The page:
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Tinea versicolor (tin'-eah verse'-ih-color) is infection of the skin of the upper body around the shoulders and upper trunk with the fungus Malasezzia furfur. The fungus depigments the skin as it grows and the disease appears as many little light patches perhaps an eight to a quarter inch in diameter on the affected upper body areas. A tan just makes the depigmentation stand out more, so it seems to be a disease of the summer months, but it isn't. It's caused when fungal spores from the hair fall on the upper body and germinate on the skin.
It has been fairly easily treated in the past with Selsun® shampoo allowed to remain as a lather on the affected skin for about 10 minutes a day for a week, then once weekly for a month, then monthly. The light areas of skin will gradually fill back in with normal skin pigment.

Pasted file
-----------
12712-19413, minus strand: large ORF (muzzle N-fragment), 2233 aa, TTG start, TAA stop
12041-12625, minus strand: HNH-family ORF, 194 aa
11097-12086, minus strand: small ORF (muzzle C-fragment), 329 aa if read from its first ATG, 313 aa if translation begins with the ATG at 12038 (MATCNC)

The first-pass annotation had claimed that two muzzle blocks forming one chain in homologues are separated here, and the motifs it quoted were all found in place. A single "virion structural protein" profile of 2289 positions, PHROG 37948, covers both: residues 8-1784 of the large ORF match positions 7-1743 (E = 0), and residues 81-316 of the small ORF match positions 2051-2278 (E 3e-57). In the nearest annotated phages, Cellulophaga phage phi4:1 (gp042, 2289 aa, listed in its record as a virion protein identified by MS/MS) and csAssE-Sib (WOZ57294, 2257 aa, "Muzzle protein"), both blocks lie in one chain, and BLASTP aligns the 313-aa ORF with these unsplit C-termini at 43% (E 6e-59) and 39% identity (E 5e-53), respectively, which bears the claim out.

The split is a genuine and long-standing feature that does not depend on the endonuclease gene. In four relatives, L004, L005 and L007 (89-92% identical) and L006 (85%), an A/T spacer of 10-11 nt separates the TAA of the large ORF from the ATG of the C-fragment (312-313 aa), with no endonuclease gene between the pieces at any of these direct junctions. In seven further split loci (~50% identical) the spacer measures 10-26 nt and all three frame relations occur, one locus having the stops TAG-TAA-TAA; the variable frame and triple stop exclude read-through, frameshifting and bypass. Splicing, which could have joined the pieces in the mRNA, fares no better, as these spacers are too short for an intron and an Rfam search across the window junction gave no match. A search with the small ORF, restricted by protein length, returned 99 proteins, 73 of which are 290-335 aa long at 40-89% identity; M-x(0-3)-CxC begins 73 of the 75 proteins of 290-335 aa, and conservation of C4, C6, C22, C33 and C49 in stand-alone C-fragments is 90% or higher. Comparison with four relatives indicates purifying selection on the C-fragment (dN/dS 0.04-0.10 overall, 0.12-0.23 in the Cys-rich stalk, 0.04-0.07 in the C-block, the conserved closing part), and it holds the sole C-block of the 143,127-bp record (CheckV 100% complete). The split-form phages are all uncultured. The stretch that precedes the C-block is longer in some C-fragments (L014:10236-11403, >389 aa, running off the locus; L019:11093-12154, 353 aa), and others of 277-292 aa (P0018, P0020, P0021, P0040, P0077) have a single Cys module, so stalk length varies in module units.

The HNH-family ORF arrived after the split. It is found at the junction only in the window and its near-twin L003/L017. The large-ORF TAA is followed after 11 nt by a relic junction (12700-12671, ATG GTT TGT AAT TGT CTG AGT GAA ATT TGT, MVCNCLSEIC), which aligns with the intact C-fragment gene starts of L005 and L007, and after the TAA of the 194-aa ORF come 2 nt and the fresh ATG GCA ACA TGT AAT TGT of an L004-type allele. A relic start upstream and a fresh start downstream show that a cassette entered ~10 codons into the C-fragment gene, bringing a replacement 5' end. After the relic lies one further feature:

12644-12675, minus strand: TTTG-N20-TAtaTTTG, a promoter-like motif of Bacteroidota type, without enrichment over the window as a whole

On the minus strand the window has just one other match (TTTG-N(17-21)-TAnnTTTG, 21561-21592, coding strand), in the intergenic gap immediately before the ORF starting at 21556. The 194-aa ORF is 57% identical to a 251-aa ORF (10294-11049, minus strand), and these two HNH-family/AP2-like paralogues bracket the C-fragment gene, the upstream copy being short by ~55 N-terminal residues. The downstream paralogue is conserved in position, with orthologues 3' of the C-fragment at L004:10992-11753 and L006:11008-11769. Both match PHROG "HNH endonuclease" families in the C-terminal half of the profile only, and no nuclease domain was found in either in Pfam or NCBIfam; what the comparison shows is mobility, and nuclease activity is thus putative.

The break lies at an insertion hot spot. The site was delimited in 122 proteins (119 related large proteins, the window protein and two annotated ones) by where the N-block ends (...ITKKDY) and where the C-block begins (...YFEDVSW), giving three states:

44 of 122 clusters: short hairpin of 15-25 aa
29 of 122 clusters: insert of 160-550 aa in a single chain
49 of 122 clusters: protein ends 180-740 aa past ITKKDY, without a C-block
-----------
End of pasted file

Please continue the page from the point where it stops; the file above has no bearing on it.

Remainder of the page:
That has been the standard treatment, but it is often pretty unpopular with the patients. Selenium sulfide smells rather like rotten eggs and is drying and irritating. A newer and much more effective and acceptable treatment is to use ketoconazole (Nizoral®) shampoo1. The patient lathers up the shampoo over the affected areas and leaves it on about 5 minutes; then rinses it off in the shower. A single treatment is often effective; I recommend doing the treatment three nights in a row.
1. Journal of the American Academy of Dermatology 1998;39:944-950.